Satirist George Ade conceived two films mocking values of the period that still ring true today. “The Fable of the People’s Choice Who Answered the Call of Duty and Took Seltzer” (1914) featured a rube business owner set up by a scheming political machine who take his money but fail to get him elected. Turpin and Beery make cameos as schemers receiving cash in exchange for their votes. “The Fable of the Kittenish Super-Anns and the World-Weary Sniies” revealed older adults enjoying a rich man’s entertaining jam-packed weekend while the young hipsters find themselves bored by the same activities. The program lasted much too long, featuring some films with major decomposition and providing little opportunity for a meal break, though the running time was well known, since the films had been transferred to DVD. Greg Pane provided energetic accompaniment to the somewhat lackadaiscal films.
Dino Everett explains 9.5- and 28-millimeter films, photo by Mary Mallory.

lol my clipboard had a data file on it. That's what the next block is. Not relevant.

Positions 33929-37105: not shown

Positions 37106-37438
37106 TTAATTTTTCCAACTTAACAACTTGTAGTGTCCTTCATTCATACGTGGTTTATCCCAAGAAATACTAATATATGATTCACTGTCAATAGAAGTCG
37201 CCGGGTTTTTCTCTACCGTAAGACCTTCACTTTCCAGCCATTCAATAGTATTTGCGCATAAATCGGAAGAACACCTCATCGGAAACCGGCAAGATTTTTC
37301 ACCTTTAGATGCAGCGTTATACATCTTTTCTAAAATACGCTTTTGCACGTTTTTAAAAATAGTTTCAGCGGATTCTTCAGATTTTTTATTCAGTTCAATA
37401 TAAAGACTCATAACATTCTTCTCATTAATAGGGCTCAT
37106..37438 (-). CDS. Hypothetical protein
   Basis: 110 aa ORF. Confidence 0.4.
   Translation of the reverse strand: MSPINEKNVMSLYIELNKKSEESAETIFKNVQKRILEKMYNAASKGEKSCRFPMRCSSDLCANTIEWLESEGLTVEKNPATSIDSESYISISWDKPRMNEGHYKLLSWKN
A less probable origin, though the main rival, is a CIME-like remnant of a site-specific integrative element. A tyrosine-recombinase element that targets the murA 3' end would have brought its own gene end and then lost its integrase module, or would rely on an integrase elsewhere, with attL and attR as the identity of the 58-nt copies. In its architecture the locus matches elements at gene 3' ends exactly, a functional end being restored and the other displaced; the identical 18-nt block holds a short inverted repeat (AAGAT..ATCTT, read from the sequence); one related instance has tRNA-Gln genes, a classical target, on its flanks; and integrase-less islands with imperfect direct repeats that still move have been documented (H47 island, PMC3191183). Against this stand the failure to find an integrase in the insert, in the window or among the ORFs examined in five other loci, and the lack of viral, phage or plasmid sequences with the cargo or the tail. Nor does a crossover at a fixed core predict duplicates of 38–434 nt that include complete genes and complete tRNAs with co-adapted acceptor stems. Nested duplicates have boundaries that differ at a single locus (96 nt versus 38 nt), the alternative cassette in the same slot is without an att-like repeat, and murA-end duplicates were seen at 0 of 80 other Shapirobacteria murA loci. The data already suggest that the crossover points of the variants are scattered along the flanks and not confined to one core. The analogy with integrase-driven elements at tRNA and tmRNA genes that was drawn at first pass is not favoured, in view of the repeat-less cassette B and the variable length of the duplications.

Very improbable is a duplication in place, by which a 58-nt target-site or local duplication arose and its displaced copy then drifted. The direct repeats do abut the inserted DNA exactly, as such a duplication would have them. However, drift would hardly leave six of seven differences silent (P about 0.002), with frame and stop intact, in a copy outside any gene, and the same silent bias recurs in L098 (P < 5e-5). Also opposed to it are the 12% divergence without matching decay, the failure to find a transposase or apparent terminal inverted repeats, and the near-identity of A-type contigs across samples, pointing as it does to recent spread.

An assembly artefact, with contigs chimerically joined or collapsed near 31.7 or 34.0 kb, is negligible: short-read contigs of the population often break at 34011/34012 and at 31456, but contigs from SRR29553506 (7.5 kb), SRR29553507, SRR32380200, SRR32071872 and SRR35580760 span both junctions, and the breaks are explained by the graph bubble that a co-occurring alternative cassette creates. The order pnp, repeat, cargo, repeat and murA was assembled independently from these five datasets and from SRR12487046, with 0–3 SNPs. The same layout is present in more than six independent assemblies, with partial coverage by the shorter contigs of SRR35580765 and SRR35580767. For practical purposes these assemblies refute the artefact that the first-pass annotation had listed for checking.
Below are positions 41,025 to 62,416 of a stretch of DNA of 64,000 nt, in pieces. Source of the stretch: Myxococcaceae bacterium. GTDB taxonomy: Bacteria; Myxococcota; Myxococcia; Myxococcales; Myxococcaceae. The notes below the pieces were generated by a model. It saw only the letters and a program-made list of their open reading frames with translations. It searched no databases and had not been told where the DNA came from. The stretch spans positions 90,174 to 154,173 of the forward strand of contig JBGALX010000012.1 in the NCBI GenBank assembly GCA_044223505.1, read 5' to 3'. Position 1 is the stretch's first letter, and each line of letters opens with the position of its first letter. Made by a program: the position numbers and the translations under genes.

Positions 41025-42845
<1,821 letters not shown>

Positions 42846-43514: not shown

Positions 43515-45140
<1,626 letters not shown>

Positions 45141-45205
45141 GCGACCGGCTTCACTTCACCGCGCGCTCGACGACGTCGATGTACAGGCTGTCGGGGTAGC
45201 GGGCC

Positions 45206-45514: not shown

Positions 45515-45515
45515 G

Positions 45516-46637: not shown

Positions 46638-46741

Because of the push to start on time for the “28mm Films on Parade” program, that event seemed a little rushed. The most entertaining part of the entire festival deserved much more time than it received. USC Hugh M. Hefner Moving Image Archivist Dino Everett explained the intriguing histories of 9.5mm and 28-millimeter films, before screening the motion pictures on actual vintage projectors. Recently discovered in Japan, the sweet “Our Pet” (1924, 9.5mm) featured Baby Peggy foiling a burglar with her toys before being romanced by several young suitors, who run afoul of her parents. The Kinemacolor short was unfortunately not able to be projected due to technical difficulties.